The results showed that Sunni Arabs can challenge the Kurds through ballot boxes, too. Kirkuk, the fiercely disputed oil-rich prize, is now split evenly with six seats for Kurds and six for Allawi's mainly Arab candidates — perhaps the biggest upset of the election. Arabs also won the majority of seats in Ninewah, home to the troubled city of Mosul, and in Diyala, where Kurds won just a single seat.
"Those who speak about and call for democracy are the first ones who turn against it if it clashes with their personal interests," said Saad Dawoud Hussein, owner of a cafe in Mosul. "What we've been witnessing these past few days with the objections to the preliminary results of the election and casting doubt upon the integrity of the elections are nothing but proof of that."
A joint statement by Army Gen. Ray Odierno and Ambassador Chris Hill, the top American military and civilian officials in Iraq, supported the work of election officials and international monitors, noting that no evidence of widespread or serious fraud was uncovered.
"We encourage all political entities to conduct talks on the formation of the new government in a spirit of cooperation and respect for the will of the voters, and to refrain from inflammatory rhetoric or action," the U.S. statement read.
The results ended a tense and drawn-out vote-counting process that was fraught with allegations of fraud and intimations of violence. Members of Iraq's Independent High Electoral Commission, the parliament-appointed panel accused of partisanship and inefficiency in the tabulation process, stressed that they acted without bias and urged all parties to accept the results as fair.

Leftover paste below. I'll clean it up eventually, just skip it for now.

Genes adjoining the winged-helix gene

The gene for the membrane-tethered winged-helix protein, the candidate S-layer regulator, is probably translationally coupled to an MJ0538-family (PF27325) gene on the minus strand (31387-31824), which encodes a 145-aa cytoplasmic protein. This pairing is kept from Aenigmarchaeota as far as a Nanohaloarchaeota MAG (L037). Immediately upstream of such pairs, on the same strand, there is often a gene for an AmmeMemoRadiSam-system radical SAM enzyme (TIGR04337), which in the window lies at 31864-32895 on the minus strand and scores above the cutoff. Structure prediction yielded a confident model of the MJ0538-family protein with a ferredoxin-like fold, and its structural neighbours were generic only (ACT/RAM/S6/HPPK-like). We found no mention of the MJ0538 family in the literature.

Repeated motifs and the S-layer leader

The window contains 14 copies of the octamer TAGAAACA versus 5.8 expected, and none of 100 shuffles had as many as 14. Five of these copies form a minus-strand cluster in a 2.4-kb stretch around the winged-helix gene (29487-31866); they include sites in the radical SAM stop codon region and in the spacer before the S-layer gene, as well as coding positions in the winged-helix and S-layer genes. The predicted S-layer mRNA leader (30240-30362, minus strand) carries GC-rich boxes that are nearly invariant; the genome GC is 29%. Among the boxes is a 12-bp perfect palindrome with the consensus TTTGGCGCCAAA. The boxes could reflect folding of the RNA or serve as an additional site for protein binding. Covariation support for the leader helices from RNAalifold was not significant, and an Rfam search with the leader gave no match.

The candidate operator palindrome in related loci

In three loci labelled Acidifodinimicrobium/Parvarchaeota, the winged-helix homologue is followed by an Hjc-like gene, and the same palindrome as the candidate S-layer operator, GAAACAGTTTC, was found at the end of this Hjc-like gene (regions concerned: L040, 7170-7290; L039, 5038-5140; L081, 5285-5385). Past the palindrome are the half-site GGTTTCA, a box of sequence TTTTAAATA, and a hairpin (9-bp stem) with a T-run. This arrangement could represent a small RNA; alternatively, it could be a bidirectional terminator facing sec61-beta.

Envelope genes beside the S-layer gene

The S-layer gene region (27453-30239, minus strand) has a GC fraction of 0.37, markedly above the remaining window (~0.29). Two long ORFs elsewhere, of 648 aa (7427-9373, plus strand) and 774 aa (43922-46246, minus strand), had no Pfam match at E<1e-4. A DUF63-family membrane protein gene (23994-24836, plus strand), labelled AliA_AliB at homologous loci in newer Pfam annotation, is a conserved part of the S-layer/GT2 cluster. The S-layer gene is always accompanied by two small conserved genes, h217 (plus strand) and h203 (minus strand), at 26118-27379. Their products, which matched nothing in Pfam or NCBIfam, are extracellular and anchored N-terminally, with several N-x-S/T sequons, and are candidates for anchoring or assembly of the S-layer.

"To cast doubts upon this performance and effort does not serve the best interests of the country or the public," Faraj al Haidari, the electoral commission's chairman, said at the televised announcement of the results.
In recent days, Maliki and his supporters had grown vocal in their allegations of vote manipulation and had asked for a manual recount, a move the commission rejected as unfeasible and unnecessary. Small pro-Maliki protests had sprung up in southern Iraq, widely interpreted as a warning of more unrest if the prime minister's bloc didn't end up in the lead.
Ad Melkert, the United Nations envoy to Iraq, also urged political parties to accept the results, saying the vote tallies were credible despite "imperfections and, at some places, serious issues." Melkert said the results of about 50,000 voting stations were checked at least eight times, adding that complaints were addressed, irregularities were audited and ballot boxes that didn't meet standards were thrown out.
"We have not found evidence of systematic failure or fraud of widespread nature," Melkert said.
(Dulaimy is a McClatchy special correspondent. Special correspondents Laith Hammoudi and Sahar Issa in Baghdad, Ali Abbas in Mosul, Jamal Naji in Fallujah and a reporter in Baqouba who isn't named for security reasons contributed to this article.)